I have never burned an American flag, nor been at a demonstration when one was burned. I have only seen it on TV, and it makes me cringe, because I was raised on the notion that one only burned the flag if it touched the ground, had been desecrated in some other way, or simply worn out.
These days I see many American flags that should be burned because they have been desecrated by being left out 24/7 in all kinds of weather and are ragged-looking and need to be replaced. This seems also disrespectful.
There is certainly a movement these days to promote healthy eating for kids and summer camps for children are right there with it. In recent years a salad bar has been as much a fixture in a summer camp dining hall as Melmac dinnerware. However, as a general rule, most children aren’t fond of veggies and making the healthy stuff available doesn’t necessary mean that campers will happily indulge. At Kettleby Valley, a summer camp for children in Ontario, they have found a simple yet effective way to motivate their campers to fill up on salad and vegetables.
Each week, the camp awards a ‘GRUB’ button to the cabin group who eats the most veggies and salad. “We’ve always offered healthy options for lunch,” says Peter Truman, the Director of the camp. “Once we started awarding the button, we saw a real difference in the quantity of veggies they’d eat.” In many cases, campers would come up for thirds and fourths of salad and vegetables.
In addition to filling up on healthy veggies, campers were also given points for reducing food waste. The waste was reduced from a full garbage can each meal to a small shopping bag. ‘Take what you wanted, but eat what you take’ was the rule. “Campers would even eat their crusts,” Peter adds with a laugh. “And we serve brown bread.”
If a summer camp can encourage children to eat healthier by simply awarding a button, perhaps the same strategy would work at home. Peter warns, however that there is a difference between rewards and awards. “Rewards are used to modify behaviour, like training a dog. Awards are things that children can strive for and earn.”
Lapel Pins were a focal point of the debate between President Obama and Mitt Romney. Political pundits and media gurus have analyzed every moment of the presidential debate that took place last week. Every nuance, claim and sentence uttered by the President and Mr. Romney was dissected and nitpicked with a fine-tooth comb. Their hair, suits, ties and shoes were discussed and scrutinized. The pins the candidates sported on their lapels was no different. The tradition of wearing a patriotic lapel pin started with Richard Nixon, who wore an American flag lapel pin regularly. Nixon biographer Stephen Ambrose claims that the president, besieged by protests over the Vietnam War, was advised to wear a patriotic pin by his chief of staff, Bob Haldeman. Haldeman’s idea came fromRobert Redford’s1972 film, “The Candidate”. The practice of wearing flag lapel pins waned in the coming years only to be reawakened by the events of 9/11. Even then, the idea was embroiled in controversy as the Republicans claimed that not wearing a flag lapel pin was a sign of weak patriotism. Since that time, wearing a flag lapel pin has becone standard among politicians on both sides of the aisle.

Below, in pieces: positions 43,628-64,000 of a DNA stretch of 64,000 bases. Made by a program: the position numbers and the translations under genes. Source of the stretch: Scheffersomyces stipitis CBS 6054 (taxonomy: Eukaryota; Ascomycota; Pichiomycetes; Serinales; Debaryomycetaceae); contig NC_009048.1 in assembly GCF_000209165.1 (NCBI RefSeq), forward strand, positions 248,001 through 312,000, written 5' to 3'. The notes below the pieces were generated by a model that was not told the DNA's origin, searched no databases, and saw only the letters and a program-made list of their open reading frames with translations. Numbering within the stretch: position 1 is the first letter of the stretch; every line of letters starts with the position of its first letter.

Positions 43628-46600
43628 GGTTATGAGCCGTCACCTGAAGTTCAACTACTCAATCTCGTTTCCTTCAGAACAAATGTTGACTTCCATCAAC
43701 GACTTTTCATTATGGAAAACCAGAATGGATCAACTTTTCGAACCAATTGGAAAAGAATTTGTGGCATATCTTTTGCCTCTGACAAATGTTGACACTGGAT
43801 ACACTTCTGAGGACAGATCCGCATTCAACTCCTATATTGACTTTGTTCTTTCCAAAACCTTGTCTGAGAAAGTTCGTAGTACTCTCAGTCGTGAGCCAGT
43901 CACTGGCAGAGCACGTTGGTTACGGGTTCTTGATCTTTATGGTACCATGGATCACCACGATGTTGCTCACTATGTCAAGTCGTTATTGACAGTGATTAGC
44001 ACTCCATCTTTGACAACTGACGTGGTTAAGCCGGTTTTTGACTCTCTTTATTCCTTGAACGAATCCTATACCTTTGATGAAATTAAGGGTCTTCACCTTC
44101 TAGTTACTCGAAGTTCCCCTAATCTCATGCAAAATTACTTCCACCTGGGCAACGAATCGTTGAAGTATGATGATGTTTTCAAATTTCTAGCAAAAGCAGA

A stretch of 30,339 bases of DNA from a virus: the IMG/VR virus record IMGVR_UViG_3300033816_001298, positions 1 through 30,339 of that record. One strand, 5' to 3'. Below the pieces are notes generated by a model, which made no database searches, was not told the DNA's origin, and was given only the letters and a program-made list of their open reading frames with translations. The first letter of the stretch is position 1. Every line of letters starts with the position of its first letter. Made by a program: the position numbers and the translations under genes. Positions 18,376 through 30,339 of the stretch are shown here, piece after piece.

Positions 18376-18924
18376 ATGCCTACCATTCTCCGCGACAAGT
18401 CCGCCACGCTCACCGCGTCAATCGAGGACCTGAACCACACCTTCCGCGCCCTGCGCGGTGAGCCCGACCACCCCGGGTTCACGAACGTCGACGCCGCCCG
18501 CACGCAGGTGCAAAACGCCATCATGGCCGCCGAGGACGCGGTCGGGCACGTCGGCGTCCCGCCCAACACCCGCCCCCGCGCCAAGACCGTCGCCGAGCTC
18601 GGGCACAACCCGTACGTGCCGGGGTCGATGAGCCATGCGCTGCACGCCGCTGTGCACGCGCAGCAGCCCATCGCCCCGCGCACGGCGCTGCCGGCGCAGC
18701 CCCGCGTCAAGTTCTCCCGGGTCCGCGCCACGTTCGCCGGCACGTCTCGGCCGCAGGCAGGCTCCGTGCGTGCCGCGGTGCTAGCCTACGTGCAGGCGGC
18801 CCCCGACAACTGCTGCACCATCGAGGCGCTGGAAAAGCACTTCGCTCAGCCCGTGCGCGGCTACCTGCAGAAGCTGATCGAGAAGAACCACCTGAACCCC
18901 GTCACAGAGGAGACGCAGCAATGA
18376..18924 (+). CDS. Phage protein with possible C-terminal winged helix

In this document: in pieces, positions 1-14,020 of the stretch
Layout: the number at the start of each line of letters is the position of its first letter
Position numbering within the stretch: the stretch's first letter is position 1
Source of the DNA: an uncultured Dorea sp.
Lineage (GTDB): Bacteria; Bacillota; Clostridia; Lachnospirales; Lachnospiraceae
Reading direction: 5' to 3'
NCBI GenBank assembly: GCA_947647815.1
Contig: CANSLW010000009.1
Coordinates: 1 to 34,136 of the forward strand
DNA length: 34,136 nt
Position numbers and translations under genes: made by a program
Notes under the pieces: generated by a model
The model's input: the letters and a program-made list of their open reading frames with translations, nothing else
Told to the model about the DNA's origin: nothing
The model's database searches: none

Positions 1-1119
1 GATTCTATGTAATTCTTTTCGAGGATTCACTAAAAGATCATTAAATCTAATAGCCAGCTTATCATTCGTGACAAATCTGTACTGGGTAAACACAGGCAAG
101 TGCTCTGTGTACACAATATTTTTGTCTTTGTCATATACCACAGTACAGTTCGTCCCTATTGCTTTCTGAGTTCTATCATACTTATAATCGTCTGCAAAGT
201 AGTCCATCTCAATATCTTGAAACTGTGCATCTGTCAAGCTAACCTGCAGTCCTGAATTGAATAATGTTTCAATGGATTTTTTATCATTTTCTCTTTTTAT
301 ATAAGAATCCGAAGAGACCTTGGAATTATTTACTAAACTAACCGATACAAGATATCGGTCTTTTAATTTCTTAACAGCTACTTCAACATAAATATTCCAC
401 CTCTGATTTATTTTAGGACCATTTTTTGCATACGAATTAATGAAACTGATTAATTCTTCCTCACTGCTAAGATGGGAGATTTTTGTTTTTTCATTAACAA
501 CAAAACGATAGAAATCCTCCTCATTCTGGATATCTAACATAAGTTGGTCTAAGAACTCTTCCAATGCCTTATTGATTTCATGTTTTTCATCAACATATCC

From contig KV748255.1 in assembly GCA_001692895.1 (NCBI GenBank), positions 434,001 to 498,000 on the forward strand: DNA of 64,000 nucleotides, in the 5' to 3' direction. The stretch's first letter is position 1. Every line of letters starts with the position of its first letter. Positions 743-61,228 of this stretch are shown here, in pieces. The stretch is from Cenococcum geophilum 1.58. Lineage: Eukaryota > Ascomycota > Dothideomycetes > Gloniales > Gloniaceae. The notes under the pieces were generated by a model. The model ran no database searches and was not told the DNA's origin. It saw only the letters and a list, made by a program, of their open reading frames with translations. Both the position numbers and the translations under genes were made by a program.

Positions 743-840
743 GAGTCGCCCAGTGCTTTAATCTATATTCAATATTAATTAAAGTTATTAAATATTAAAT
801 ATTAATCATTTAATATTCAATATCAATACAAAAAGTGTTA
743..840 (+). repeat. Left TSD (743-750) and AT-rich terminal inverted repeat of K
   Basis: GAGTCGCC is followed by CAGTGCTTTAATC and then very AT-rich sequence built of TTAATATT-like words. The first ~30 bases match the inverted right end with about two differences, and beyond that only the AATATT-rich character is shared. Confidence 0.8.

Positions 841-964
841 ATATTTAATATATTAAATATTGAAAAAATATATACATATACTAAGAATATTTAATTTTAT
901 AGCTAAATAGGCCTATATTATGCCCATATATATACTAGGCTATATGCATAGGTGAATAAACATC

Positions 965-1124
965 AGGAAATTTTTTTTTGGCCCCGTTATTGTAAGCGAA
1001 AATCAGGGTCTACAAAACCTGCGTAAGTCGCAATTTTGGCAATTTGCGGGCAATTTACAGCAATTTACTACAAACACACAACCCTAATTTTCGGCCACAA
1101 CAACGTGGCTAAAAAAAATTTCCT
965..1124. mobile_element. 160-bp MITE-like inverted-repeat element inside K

Even though President Obama has said in the past that “My attitude is that I’m less concerned about what you’re wearing on your lapel than what’s in your heart,” the pin has been a permanent addition to his lapel. Not wearing a lapel pin would be akin to not wearing clothes at all – in today’s political climate and social norm.
At the presidential debate last week, President Obama wore the standard, smaller sized American Flag lapel pin. Mr. Romney’s pin was more prominent and had an unusual design on the stripes. Pundits and analysts pored over the debate tapes to determine the exact design and meaning of Mr. Romney’s pin. As it turns out, the lapel pin was a special Secret Service flag lapel pin, with the Secret Service emblem emblazoned on the stripes of the American Flag. The pin is worn by members of the Secret Service and their fans and gives no security clearance. The pins are traded between members and fans just like Olympic pins.
Mr. Romney is not the first to change up his lapel pins. Congressman Paul Ryan, Mr. Romney’s running mate, sports what appears to be a variant, and sometimes, a flag with a GOP elephant. During the Republican debates, Newt Gingrich wore a pin replica of George Washington’s Revolutionary War flag. So far, the president and Vice President Joe Bidenare still wearing the classic American flag pin.